Matzas work Delinquency and Drift, published in 1964, is a critique of positive criminology (e.g. Lombroso’s anthropological/anthropogenetic crime theory) as well as of the then prominent explanatory approaches to juvenile delinquency (theory of differential opportunities of Cloward & Ohlin and subculture theory according to Cohen).
At the center of the critique is the behavioural determism inherent in the theoretical approaches. Instead, Matza argues for a naturalistic view of delinquency based on representatives of symbolic interactionism (Blumer, Mead) or Max Weber’s concept of sociological understanding (Verstehen). The drift or the turning to and rejection of delinquent behaviour is thus a conscious decision of the agent in question.
Matza’s remarks are regarded as fundamentals / predecessors of Critical Criminology.
With his book Delinquency and Drift, published in 1964, Matza takes up the article Techniques of Neutralization: A Theory of Delinquency (1957) published a few years earlier [see: Neutralization Thesis (Sykes and Matza)] and renews his criticism of the then popular explanatory approaches to crime. In particular, Matza rejects Cohen’s subcultural theory, according to which subculturally shaped norms and values are adopted and conventional concepts of values are “overwritten”. This would amount to a behavioural determinism: a deviant behaviour of the members of the subculture would be inevitable, since they do not (or no longer) have conventional norms and values.
Matza opposes this with the facts that
- Delinquents sometimes show guilt or remorse regarding their behaviour. This would hardly be the case if the persons had only deviant values.
- Delinquents show respect for rightful citizens. They can respect or even admire celebrities, athletes, clergy, teachers, family members or neighbours, although they stand up for other social values.
- Victims of delinquent actions are not arbitrary. The own group members are just as taboo as members of the own ethnic group, the church community, the own school or neighbourhood. This indicates that the perpetrators are aware that what they are doing is wrong.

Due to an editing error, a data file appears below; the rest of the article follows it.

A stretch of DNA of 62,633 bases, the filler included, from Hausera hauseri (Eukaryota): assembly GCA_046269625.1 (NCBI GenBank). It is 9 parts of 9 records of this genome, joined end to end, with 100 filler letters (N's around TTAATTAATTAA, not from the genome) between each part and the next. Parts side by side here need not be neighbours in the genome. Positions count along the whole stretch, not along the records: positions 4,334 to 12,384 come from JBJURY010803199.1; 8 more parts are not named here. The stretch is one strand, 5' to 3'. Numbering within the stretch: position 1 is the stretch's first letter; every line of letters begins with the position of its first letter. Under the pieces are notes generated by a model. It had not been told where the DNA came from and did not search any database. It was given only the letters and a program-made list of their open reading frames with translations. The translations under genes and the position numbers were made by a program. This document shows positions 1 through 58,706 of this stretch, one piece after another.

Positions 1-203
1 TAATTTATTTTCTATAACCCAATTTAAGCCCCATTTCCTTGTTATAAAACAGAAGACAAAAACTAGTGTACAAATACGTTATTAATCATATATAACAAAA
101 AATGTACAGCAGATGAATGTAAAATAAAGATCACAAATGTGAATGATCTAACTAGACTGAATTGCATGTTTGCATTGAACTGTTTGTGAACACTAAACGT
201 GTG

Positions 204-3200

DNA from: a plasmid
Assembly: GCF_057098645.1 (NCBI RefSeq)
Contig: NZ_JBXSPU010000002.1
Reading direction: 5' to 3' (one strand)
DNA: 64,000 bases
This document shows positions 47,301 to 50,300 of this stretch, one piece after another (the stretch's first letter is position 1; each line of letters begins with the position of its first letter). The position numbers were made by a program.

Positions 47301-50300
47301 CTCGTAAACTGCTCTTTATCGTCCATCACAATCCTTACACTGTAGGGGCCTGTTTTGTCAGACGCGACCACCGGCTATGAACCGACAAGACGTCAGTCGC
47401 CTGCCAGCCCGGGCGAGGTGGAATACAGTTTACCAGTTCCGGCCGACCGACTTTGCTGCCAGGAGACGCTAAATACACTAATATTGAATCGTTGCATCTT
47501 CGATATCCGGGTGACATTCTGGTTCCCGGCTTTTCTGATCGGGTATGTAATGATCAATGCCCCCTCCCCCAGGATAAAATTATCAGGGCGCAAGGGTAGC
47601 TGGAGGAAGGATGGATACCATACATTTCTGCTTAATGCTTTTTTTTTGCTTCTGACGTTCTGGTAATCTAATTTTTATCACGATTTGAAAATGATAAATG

- Many delinquents are often involved in their community and perform the same social functions as law-abiding citizens. Shoplifters or drug dealers can be regular churchgoers.
The Delinquent is facing a moral dilemma. On the one hand he knows about the validity of conventional social norms and values, on the other hand he has succumbed to the permissive temptations of the deviant subculture. Matza believes that delinquents (like all other members of society) are subject to the moral obligations of the law. Only when the attachment to laws is perceived as weak and an opportunity for deviant behavior arises does man drift into delinquent behavior. The following consciousness of guilt and bad conscience is compensated by a return to norm-compliant behaviour.
Drift is a “soft determinism”, i.e. delinquency can be partly self-selected and partly determined. The actor can seize an opportunity and consciously decide for a repetition of deviant behaviour if he considers the execution to be feasible and worthwhile or if an act is spurred on by despair over extraordinary circumstances in life that cannot be influenced.
A “drift” into deviant behaviour is always based on a perceived injustice. Here Matza mentions five circumstances that can be the cause of a sense of injustice:
- Cognizance describes to what extent the (juvenile) delinquent understands his committed injustice as such.
- Consistency describes whether the (juvenile) delinquent feels treated in the same way as other offenders.
- Competence related to those who judge the behaviour of the delinquents
- Commensurability describes whether (at all) the punishment is perceived as appropriate.
- Comparison refers to legal provisions aimed at juvenile delinquents which, from the point of view of the juveniles, present themselves as unfair.
- Matza, David (1964): Delinquency And Drift. New York: Wiley.
- Blomberg, Thomas G.; Cullen, Frank; Carlson, Christoffer; Lero Jonson, Cheryl (2017) Delinquency and drift revisited: the criminology of David Matza and beyond. New York: Routledge.